Evans is on the 41-yard line. The interception is caught by the deep safety right at the 29-yard line. Even if Fitzpatrick believed Evans would continue running, at this moment that he’s delivering the ball Evans has clearly already slowed his momentum, and his route is not supposed to gain that amount of depth. There is also no route I’ve ever heard of where you run a cross and then a straight vertical up the field. Even if Evans hadn’t slowed down, his route should take him to the 35, not the 30, and basically closer to the sideline, just a few yards behind where Jackson is in that picture. It is impossible for Evans to teleport ten yards. Also, according to the read progression writing I found on this play, you only throw to the Y (Evans), if the linebacker squeezes the running back. The ‘backer here gained depth right to Evans.
Jackson is running a post route, and makes his break toward the middle of the field at the 30-yard line. I don’t know if Fitzpatrick thought Jackson would break off his route into a dig (generally the only options are a fly or break to a post), but regardless, the end effect is Fitz puts this right in the middle of no-man’s land between the two of them. My guess is it’s just a horrible overthrow meant for Evans. And if you go back up to the gif of the play, you can see the safety catch it on the 29-yard line, and you can see Fitzpatrick points his shoulders right where the ball ends up going, which is no where near Evans.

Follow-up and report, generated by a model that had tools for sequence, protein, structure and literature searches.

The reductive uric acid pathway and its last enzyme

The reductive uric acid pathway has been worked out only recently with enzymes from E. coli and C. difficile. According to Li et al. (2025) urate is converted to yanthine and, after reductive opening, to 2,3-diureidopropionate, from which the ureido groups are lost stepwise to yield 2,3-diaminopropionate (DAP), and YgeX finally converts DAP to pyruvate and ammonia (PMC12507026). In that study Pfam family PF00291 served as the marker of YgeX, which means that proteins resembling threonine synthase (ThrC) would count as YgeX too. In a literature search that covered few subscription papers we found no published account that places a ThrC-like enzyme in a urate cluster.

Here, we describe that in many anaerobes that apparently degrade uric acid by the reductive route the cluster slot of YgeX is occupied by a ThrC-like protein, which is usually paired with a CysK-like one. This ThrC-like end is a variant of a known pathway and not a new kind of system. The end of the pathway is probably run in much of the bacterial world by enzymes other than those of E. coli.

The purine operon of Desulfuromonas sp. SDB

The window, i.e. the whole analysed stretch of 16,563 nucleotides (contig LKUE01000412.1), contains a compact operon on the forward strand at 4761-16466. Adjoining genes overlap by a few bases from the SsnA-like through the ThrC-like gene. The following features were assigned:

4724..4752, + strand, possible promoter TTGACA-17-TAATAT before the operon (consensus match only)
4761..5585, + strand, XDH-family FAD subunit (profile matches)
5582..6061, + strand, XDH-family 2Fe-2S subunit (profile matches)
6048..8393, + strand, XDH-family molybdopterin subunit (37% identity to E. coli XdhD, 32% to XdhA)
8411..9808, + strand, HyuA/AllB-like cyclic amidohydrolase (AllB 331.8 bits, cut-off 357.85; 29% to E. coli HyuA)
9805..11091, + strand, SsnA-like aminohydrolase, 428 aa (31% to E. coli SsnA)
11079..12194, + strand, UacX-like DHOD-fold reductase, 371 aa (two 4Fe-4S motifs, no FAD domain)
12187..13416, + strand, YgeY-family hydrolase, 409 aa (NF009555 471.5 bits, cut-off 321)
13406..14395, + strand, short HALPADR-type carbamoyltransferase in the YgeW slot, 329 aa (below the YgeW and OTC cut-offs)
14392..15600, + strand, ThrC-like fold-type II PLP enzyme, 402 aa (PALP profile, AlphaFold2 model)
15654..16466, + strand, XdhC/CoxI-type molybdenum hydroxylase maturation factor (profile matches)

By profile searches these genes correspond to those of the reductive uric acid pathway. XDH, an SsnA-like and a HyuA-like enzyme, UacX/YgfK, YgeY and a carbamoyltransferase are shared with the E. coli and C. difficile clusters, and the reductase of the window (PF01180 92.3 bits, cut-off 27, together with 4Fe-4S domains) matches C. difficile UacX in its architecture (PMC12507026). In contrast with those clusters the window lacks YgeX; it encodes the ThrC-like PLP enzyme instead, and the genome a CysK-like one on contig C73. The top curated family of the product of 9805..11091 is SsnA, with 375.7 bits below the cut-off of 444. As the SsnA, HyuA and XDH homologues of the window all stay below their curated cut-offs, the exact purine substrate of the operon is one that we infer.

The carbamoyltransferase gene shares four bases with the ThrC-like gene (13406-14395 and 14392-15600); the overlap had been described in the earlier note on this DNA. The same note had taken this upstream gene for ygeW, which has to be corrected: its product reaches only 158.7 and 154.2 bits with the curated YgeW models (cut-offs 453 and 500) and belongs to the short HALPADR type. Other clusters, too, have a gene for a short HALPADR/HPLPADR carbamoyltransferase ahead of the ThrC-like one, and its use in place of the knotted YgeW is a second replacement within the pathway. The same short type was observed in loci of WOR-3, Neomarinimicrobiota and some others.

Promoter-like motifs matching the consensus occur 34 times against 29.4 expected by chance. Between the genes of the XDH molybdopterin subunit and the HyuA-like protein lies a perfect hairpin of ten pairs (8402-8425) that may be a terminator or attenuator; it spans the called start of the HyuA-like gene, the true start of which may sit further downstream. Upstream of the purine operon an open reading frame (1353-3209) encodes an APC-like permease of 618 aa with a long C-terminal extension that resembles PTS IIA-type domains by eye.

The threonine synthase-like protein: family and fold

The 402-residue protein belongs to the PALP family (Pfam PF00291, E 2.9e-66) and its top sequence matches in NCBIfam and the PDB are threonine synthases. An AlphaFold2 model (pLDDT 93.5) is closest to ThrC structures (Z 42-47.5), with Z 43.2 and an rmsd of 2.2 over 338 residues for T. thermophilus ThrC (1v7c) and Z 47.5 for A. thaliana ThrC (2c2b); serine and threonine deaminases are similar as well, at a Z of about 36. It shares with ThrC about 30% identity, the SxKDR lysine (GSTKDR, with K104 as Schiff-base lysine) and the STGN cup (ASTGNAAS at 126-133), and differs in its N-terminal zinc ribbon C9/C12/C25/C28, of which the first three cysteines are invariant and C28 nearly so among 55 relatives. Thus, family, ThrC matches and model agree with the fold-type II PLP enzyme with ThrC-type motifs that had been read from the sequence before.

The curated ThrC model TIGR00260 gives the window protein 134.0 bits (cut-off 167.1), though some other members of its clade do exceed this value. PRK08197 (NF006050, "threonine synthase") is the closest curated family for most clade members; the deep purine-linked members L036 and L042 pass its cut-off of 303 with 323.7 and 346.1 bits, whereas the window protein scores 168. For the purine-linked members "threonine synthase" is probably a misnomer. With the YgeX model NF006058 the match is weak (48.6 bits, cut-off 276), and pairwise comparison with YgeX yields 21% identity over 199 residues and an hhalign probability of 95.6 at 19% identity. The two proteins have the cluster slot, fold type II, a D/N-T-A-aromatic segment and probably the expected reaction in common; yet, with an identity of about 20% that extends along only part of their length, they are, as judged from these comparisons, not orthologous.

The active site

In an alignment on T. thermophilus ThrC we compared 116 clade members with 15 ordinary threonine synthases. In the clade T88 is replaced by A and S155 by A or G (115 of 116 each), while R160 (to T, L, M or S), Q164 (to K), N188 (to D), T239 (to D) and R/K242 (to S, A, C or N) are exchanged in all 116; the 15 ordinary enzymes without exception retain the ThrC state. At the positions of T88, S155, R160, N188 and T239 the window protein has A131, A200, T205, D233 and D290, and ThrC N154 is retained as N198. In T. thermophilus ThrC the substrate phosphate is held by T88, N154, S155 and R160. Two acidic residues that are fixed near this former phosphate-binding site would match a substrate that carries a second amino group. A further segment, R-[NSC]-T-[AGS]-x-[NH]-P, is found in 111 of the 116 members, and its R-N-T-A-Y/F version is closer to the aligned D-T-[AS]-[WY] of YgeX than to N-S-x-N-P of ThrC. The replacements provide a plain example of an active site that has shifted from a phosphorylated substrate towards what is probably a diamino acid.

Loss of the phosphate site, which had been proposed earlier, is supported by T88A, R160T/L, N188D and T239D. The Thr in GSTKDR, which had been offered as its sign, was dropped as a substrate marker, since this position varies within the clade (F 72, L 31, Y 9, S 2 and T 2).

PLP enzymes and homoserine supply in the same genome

The next interception on the Bucs’ next drive was the pick-six.
Here’s the end zone view:
It does appear as if his arm gets hit as he throws. While it absolves Fitzpatrick of some of the responsibility for this turnover, it by no means absolves him of all of it like others are claiming. There are several things Fitzpatrick could have or should have done better to avoid such a bad play. That’s one of the responsibilities of playing quarterback.
First, he could have slid to his right, which would have bought him time by helping out his offensive line to re-establish their blocks. But the one that stands out the most to me is that Fitzpatrick in general wants to get the ball out quickly. But here, when you’re executing or being trusted to execute a pass play in this situation, the ball has to come out not just quickly but quickly, and it doesn’t. There is no sense of urgency from him here. In this situation, of all situations, he holds this ball too long.
The ball has to come out right here. Cameron Brate is open with room to run. But he holds the ball for another 1.5 seconds, then as the defense is bearing down on him, tries to lob it to Rodgers and it sails into a pick six. At the moment he threw it he should have just tucked it and eaten the sack for a safety, because by then it was already too late. Go back up to the gif of the play and rewatch it, paying attention to Fitzpatrick and Brate. I like that Fitzpatrick has a steady rhythm to his mechanics, but you have to speed them up here. You could see the same thing on the gif with the Howard curl we looked at earlier. You cannot give up six points to the opponent there. Two points is better than seven. The Steelers went up 23-7.